He left his legacy however in what was left of the British Communist Party and its affiliates and in the parts of the Labour Party that looked to the East rather than the West being created by the USA. There were a number of groups and organisations, a few of whom survive in the ideas of the present in parts of the Labour Party and beyond.

Are we going back to the future?

Tuesday 28 May 2019

Going To Rome

The question was did the Ashton ballet "The Dream" come before the Stratford Memorial  Theatre Peter Hall production of "A Midsummer Night's Dream" or after? The answer was after and the dating as I remembered.

It was much later when we first saw the ballet, but we were at a performance of the Peter Hall production of the play at the Stratford on Avon Royal Memorial theatre production in his 1962 revival of the 1959 one.

This was a time when we often in Stratford and able to go to the Royal Shakespeare Theatre which before 1961 was the Shakespeare Memorial Theatre to see if there were returns or seats available for the plays running.

We saw many and one was "Coriolanus", "thou boy of tears" in a vivid, hard hitting production of a play that dealt with the politics of ancient Rome. It was not for the faint hearted.

It is thought that it was written between 1606 and 1608, a turbulent time in the history of the Atlantic Isles when King James 1st was asserting his authority despite the divisions of ancestry, politics and religion.

A play based on a period in the history of Rome during such a time would have had a great deal of meaning for the London audiences of the period.

Looking about us in 2019 perhaps it is time for the play to return to the theatres of London and Stratford?

Sunday 26 May 2019

Coming And Going

As my 15th Prime Minister leaves office to spend more time with her financial advisers, the choice that has to be made is not a good one. They are a group of "professional" politicians who live in a different world from the rest of us and are as remote as the ancient sky worshippers who used to live up mountains.

My personal experience of them and their predecessors is nil apart from one a long time ago. It was 1967 and we were living in Scarborough when the Labour Party had a conference fronted by Harold Wilson, a man for all seasons. One evening when we were in town at the local history society afterwards we made for the bar of a local hotel. It was not quite full, but there was one table with seats and a couple having a quiet drink, it was as though others were avoiding them.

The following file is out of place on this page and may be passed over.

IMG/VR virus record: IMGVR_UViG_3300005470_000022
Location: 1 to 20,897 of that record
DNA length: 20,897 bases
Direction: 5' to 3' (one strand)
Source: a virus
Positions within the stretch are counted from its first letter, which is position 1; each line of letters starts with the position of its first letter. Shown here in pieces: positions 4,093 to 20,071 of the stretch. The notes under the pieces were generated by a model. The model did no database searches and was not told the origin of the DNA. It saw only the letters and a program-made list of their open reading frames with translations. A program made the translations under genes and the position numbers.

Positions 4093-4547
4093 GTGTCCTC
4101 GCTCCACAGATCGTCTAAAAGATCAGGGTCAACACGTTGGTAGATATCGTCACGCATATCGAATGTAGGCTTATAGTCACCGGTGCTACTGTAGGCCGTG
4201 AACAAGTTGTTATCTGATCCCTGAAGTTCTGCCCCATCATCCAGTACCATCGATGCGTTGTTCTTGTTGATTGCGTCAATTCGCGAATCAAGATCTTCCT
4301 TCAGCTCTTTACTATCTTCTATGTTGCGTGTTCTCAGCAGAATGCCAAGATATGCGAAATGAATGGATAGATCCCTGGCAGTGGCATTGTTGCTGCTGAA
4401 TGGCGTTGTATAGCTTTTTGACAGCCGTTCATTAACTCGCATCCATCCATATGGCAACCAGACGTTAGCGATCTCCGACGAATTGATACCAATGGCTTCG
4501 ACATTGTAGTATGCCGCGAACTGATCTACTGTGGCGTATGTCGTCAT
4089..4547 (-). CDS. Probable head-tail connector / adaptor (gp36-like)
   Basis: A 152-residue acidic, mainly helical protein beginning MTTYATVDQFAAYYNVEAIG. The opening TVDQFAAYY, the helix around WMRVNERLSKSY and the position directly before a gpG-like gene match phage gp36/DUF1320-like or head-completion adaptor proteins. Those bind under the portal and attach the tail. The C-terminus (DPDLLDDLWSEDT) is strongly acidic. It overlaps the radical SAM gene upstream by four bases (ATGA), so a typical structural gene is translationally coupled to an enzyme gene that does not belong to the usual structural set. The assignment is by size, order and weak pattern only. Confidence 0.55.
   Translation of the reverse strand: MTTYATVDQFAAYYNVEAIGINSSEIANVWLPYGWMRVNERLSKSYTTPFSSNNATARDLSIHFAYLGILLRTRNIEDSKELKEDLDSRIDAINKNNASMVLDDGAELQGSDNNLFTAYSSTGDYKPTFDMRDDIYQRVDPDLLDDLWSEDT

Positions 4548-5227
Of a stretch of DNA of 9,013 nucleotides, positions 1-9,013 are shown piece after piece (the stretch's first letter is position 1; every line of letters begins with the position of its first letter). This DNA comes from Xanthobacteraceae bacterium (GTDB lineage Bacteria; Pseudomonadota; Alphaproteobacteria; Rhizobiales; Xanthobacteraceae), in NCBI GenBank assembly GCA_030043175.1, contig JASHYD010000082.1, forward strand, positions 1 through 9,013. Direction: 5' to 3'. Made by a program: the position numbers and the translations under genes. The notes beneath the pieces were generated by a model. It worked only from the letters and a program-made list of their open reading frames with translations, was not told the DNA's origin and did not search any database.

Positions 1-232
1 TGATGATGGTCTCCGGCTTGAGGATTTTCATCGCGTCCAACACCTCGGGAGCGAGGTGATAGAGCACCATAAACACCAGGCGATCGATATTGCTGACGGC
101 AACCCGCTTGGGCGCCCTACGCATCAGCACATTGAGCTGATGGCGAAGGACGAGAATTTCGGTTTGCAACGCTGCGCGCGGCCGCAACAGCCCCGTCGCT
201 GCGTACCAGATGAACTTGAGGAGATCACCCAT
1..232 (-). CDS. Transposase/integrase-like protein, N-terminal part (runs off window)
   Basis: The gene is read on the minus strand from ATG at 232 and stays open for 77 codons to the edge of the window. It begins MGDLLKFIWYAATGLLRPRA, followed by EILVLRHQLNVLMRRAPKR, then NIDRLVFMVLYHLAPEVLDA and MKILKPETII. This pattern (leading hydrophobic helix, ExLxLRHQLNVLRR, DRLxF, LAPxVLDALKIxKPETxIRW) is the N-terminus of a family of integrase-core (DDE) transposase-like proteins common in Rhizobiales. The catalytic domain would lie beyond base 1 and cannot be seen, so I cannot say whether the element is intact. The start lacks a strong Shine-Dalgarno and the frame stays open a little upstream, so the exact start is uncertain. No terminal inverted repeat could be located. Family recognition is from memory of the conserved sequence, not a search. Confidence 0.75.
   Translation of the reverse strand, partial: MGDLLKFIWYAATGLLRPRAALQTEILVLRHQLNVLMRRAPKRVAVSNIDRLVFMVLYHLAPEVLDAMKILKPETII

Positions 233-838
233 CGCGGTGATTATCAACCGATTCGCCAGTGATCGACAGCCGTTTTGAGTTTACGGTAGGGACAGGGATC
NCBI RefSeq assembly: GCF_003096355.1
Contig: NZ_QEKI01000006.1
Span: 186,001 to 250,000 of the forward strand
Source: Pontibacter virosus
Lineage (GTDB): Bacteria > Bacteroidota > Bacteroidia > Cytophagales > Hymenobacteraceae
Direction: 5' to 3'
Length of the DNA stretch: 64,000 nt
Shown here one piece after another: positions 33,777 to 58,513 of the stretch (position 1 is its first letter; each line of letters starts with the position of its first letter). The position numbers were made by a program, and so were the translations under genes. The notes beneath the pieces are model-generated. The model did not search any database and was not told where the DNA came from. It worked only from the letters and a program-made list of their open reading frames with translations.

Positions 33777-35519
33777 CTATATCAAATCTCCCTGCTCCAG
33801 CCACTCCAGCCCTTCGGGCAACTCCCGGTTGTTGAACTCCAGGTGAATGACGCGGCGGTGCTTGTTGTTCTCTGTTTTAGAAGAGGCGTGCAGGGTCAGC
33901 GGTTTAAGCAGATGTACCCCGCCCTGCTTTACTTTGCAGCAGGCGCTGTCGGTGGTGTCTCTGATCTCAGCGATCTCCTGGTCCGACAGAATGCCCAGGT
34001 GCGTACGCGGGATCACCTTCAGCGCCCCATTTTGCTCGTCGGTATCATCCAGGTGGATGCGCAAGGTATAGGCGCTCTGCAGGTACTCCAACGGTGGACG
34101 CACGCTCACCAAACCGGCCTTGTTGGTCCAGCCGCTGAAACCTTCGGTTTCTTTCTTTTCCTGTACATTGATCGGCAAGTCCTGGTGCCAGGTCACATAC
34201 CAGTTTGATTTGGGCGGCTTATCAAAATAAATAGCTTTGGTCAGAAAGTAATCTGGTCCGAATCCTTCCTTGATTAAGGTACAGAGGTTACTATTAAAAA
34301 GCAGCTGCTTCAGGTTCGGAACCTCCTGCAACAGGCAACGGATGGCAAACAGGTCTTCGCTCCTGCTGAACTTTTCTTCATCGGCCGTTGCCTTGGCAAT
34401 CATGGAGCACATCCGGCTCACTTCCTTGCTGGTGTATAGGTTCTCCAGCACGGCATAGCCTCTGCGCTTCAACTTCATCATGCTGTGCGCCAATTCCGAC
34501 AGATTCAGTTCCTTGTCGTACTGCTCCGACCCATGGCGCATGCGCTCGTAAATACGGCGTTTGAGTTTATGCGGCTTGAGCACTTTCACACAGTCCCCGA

It was Harold and Mary Wilson. My thirst overcame my reservations and I introduced us warning him that I was a supporter of Liverpool whereas he was an Everton man, by virtue of his local constituency. So we had a pleasant chat about football and things to do with Liverpool past avoiding anything to do with its present which was increasingly difficult.

Then we were about to leave when I wondered if a taxi was possible, given the alcohol limits well passed for driving. He gave one of his security men a nod, who took the keys, drove us home with police cars front and back and sirens going.

It was quite an evening. The following day the our locals were all in a worry about what major crime or something had been committed to bring police to the suburb making a lot of noise at midnight. I said not a word. Their political loyalties were with others than Labour.

It was likely that they would have objected less to having a bank robber in the neighbourhood than anyone to do with Harold.

Tuesday 21 May 2019

The 75th Anniversary Of D Day

In a few days time it will be the 75th anniversary of the D Day Landings in Normandy that were the beginning of the end for the Second World War in Europe. There is likely to be a lot of attention to this in the various media etc., perhaps too much.

As this blog has been here before I do not wish to add to it. As a child at the time there are now too many personal memories in the mind. Especially, as a few years later I was in the Army serving with men who had been there on the day.

Earlier posts were on Saturday 6th June 2009 "Boadicea And D Day" and in 2014 on Thursday 5th June "Remembrance" and on Saturday 7th June "Durham Light Infantry".

There are few of us left from then to remember but we will.

Friday 17 May 2019

How To Rot The Lungs

When the question arises that the world supply of something has “peaked” almost always there are major disagreements between those involved. This is because something has to be in demand for a supply to peak.

The Guardian today had the lead article on Air Pollution and what it meant to most of us. It means a lot to me, we have a major local problem when the movement is air is stilled by weather conditions. It is there because the stink and haze of it tells us. As someone with major health reactions caused long ago it is a nightmare.